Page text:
Thursday, February 5, 2015

The Difference Between a Home's Cost vs. Price

As either a first time or repeat buyer, buyers must not be concerned only about price but also about the ‘long term cost’ of the home. I know I have discussed this before; let me explain:
There are many factors that influence the ‘cost’ of a home. Two of the major ones are the home’s appreciation over time, and the interest rate at which a buyer can borrow the funds necessary to purchase their home. The rate at which these two factors can change is often referred to as “The Cost of Waiting”.
nationwide panel of over one hundred economists, real estate experts and investment & market strategists project that home values will appreciate by almost 4% by the end of 2015. Additionally, Freddie Mac’s most recent Economic Commentary & Projections Table predicts that the 30-year fixed mortgage rate will appreciate to 4.5% by the end of 2015.

Here is a simple demonstration of what impact these projected changes would have on the mortgage payment of a home selling for approximately $250,000 today:

Please e-mail me, if you would like to know more about this, just use the Contact button in the upper right corner.

Monday, January 19, 2015

What Is a Property Appraiser?

As previously Published by Alison Shuman  On September 08, 2014 
Property appraisers are generally referred to as Real Estate Appraisers. This is a category of real estate professional that determines the value of real estate. This is a heavily-regulated industry, with oversight at both the state and federal level.
Different Types of Property Appraisers
Three types of appraisers are recognized:
·                 General
·                 Certified Residential
·                 Licensed

General appraisers can appraise any and all types of property, and are most likely to work on commercial valuations. Licensed appraisers have the lowest-level licensing status and have less formal training than either General or Certified Residential appraisers. Licensed appraisers have more restrictions on the types of property they can value, and fewer and fewer lenders will engage appraisers at this licensing level for service.
The typical appraiser engaged by a lender to value property for a real estate transaction is Certified Residential.

Appraiser Licensing
Real Estate Appraisers are licensed by individual states, with federal oversight by the Appraisal Subcommittee (ASC). Eligible appraisers are listed on the National Registry which is a database maintained by the Appraiser Qualifications Board (AQB) containing the names and licensing status of State Licensed, State Certified Residential and State Certified General Appraisers who are eligible to perform appraisals in connection with federally-related transactions.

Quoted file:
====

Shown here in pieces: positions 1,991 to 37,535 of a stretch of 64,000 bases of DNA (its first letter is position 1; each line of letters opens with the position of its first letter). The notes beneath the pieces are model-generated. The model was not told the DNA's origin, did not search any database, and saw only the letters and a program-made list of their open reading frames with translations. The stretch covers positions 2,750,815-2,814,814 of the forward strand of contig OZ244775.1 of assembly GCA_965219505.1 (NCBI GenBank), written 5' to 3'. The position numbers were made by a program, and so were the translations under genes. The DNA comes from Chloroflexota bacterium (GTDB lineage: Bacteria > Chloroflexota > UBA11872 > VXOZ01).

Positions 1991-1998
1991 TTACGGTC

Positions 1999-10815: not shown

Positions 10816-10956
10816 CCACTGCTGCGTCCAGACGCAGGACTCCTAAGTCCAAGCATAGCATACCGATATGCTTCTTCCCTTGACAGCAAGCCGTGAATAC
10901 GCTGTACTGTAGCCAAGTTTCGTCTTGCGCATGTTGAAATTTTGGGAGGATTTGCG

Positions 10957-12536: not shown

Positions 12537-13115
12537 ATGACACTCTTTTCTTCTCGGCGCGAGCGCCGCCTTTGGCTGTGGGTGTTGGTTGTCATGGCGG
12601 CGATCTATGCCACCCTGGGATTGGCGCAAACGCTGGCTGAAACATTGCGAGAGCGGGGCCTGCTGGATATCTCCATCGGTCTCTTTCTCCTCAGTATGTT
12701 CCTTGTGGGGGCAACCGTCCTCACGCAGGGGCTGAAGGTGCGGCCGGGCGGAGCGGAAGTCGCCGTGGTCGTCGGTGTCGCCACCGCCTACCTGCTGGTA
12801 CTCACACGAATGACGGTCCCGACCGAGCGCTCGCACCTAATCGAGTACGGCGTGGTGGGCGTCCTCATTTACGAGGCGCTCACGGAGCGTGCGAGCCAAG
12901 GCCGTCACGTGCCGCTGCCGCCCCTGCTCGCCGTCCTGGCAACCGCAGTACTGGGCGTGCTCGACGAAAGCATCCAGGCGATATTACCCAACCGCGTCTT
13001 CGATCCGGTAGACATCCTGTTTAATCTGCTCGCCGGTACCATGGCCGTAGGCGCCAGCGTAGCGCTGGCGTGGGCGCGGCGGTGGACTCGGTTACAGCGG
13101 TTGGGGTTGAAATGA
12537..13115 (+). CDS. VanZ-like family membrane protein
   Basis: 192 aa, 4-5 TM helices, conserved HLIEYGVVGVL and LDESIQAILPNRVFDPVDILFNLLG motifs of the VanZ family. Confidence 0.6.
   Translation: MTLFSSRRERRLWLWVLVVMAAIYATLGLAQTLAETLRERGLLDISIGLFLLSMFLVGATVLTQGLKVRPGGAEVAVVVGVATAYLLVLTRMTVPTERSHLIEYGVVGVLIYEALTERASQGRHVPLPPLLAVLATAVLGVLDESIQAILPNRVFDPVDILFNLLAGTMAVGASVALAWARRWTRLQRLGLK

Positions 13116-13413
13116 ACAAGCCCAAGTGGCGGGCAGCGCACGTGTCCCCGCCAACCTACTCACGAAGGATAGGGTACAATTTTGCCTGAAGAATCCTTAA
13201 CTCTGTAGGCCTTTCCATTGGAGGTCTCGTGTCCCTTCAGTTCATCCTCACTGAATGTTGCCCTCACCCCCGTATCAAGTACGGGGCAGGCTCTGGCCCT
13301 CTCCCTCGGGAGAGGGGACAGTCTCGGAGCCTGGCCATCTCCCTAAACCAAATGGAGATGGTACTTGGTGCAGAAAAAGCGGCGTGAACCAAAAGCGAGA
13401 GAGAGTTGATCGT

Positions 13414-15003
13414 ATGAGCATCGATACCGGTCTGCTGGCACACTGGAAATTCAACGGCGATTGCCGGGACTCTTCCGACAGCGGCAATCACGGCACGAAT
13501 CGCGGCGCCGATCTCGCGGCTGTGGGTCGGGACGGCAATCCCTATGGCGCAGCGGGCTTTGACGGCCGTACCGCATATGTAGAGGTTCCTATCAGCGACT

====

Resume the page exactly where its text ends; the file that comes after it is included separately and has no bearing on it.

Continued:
In order to become a licensed property appraiser, individuals must meet a strict set of criteria which includes classroom education and on-the-job training as a trainee.
Appraiser Training
Before a trainee can be sponsored by a more experienced appraiser, he or she needs to first complete classroom-based training (or online training) that covers:
·                 Basic Appraisal Principles (30 hours)
·                 Basic Appraisal Procedures (30 hours)
·                 15-Hour national USPAP or Equivalent (15 hours)
In addition to classroom-based training, new appraisers are trained in the field by more experienced appraisers that hold a licensing level of Certified Residential or General.
In-the-field training of 2000 hours over 12 or more months is required before being licensed. In-the-field training of 2500 hours over 24 or more months is required before becoming a Certified Residential Appraiser.
Once the training has been completed, the applicant must sit for a long and comprehensive exam as well as undergo an oral exam. Each state maintains a website with information about licensing requirements, training requirements and exam information.

In-the-field Training
Appraiser trainees go out in the field with their sponsors. This means they visit property to be valued and perform certain tasks, including:
·                 Measuring the dwelling and any outbuildings
·                 Making a diagram of the measurements of the building(s)
·                 Taking photographs inside and out
·                 Evaluating the condition and the quality of the improvements
·                 Evaluating any external influences that may affect value (train tracks, power lines, commercial property, busy roads)
·                 Evaluating the neighborhood

In-the-office Training
In addition to going out to visit individual properties, appraiser trainees perform additional tasks to assist their sponsor (supervising appraiser) with valuing property:
·                 Pulling aerial maps
·                 Reading flood maps
·                 Looking up zoning information
·                 Looking up ownership information
·                 Researching transaction histories
·                 Determining market characteristics (increasing, decreasing)
·                 Entering data into the report
·                 All of these tasks are part of learning to become a licensed property appraiser.
Why So Much Work?

Property appraisers go through a lot of training to make sure that when they become licensed, they have the knowledge and skills to properly evaluate the value of real estate.